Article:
This is something Villoid (a ‘mall of boutique shops lovingly stocked by the world’s most stylish gals’) does consistently well.

Ahead of February 14th, the self-confessed ‘style geeks’ sent out the below ‘gift’: a cherry-picked list of Valentine’s Day themed goodies which, once clicked, take a recipient straight to the checkout.

villoid valentine's.png

A note on personalisation 

If you’re a brand that takes its content seriously, bear in mind who each of your customers are and what they’re likely to want to hear about. 

For example, if you sell both menswear and womenswear, try to determine which range a recipient is most interested in (this might well be both) instead of just taking a guess and ending up baffling them with a totally irrelevant newsletter.

6) Semaine | The one playing cupid with a geo-specific treat 

We’ve written about this online magazine-meets-concept-store a fair bit in the past, but that’s because it just gets cooler with age.

Semaine has become famous for its colourful, artistic email marketing, and its Valentine’s edit is no exception.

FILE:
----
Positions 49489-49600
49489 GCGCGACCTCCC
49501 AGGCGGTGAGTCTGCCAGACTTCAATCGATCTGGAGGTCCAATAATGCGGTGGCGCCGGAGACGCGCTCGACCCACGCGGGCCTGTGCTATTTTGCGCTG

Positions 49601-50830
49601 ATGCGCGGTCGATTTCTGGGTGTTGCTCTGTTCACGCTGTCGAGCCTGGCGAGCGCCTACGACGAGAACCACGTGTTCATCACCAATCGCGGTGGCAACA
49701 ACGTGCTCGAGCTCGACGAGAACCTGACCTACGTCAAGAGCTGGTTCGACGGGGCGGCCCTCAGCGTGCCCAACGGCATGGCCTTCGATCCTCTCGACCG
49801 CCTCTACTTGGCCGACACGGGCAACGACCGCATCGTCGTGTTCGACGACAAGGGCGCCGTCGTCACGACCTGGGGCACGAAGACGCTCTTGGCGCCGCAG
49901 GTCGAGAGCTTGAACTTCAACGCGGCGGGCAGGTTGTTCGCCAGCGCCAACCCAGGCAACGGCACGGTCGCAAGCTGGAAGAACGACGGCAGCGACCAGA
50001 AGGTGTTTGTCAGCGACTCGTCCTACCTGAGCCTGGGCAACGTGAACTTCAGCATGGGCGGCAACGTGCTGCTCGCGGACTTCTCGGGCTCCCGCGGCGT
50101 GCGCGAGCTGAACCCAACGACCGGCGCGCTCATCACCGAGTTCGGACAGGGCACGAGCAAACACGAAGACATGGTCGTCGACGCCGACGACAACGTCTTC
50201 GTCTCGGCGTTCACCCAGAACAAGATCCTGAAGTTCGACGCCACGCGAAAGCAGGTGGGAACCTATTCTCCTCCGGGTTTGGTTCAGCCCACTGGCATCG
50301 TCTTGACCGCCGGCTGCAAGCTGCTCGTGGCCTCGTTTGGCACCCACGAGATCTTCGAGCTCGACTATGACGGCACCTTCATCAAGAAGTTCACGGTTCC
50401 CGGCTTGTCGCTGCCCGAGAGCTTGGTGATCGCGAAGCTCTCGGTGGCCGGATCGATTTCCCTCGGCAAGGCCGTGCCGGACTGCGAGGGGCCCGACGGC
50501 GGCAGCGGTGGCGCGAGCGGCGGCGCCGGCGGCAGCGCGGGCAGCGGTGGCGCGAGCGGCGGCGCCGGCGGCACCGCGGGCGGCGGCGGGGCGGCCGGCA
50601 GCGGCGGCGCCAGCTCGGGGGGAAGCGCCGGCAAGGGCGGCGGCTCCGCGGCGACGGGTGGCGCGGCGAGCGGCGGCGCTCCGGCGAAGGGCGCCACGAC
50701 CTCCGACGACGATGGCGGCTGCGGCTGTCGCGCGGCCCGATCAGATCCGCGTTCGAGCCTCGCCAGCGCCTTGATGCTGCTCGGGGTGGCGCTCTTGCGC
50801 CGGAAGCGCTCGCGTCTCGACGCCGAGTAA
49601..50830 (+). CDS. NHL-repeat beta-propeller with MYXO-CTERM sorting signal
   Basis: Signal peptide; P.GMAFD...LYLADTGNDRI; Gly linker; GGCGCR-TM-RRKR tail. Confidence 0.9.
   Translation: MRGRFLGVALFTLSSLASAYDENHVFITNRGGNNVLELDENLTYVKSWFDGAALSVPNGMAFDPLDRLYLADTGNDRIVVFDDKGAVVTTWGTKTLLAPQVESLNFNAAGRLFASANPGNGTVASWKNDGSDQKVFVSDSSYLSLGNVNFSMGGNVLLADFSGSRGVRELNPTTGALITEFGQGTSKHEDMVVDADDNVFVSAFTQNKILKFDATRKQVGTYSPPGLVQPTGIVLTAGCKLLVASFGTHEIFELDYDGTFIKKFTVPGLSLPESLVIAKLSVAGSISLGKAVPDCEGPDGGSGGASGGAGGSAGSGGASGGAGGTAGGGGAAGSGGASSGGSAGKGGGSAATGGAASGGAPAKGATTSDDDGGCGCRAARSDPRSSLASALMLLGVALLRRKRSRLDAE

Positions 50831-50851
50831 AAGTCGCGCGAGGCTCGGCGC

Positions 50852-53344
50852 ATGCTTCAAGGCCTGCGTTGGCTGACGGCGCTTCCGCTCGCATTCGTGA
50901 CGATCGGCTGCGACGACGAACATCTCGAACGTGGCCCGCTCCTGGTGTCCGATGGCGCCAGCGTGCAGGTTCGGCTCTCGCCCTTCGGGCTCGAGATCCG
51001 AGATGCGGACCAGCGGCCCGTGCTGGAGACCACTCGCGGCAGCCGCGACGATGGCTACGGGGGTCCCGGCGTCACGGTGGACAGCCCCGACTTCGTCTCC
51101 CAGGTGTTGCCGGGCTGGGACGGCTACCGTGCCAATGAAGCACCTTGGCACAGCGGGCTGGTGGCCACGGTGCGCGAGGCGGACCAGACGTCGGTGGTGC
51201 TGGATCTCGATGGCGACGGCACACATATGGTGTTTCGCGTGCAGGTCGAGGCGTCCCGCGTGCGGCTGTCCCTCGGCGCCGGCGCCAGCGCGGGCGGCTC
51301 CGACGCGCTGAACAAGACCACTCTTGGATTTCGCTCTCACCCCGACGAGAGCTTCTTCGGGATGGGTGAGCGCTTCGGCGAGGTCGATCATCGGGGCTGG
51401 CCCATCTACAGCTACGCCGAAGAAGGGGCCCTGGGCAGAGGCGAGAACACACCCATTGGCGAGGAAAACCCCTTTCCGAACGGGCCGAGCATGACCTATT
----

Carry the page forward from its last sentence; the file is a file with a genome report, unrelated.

But this email isn’t just a pretty face; as a quick read of the copy below the flashing gif will tell you, the brand is marking the occasion this year by offering carefully curated hampers and – wait for it – hand-delivering them to all London-based customers by bike. We said they were cool.

Semaine does Valentine's Day

semaine valentine gif.gif

A note on personalisation 

Location-based personalisation is impressive, but can fall flat if you send it to the wrong people. Use any geographic data available to ensure any special campaigns such as the above are only sent to the right customers (or at least acknowledge the fact a recipient isn’t based in the city when talking about the special initiative). 

Heaven sent 

Valentine’s Day isn’t for everyone – that’s a fact. But it is a great opportunity to have fun with your email marketing – mixing up the conversation you have with your customers and showing a bit of your personality at the same time. 

Here’s a roundup of our top tips for Valentine’s Day 2019: 

If you’re a brand selling gifts, this is your chance to shine. It’s worth sending a dedicated Valentine’s Day broadcast email to your contacts, reminding them of what you have to offer this time of year. 

Gift retailer or not, take a look at everyone who shopped gifts this time last year and send them a targeted email encouraging them to shop with you again. 

Again, whatever your product offering, tweak your emails (automated or broadcast) to include a sprinkle of Valentine’s themed content—this could be a love-themed product recommendation, dynamic content block reminding recipients of any offers, promotions or shipping deadlines or timely content (e.g. a blog posts about the best rom coms to watch on February 14th).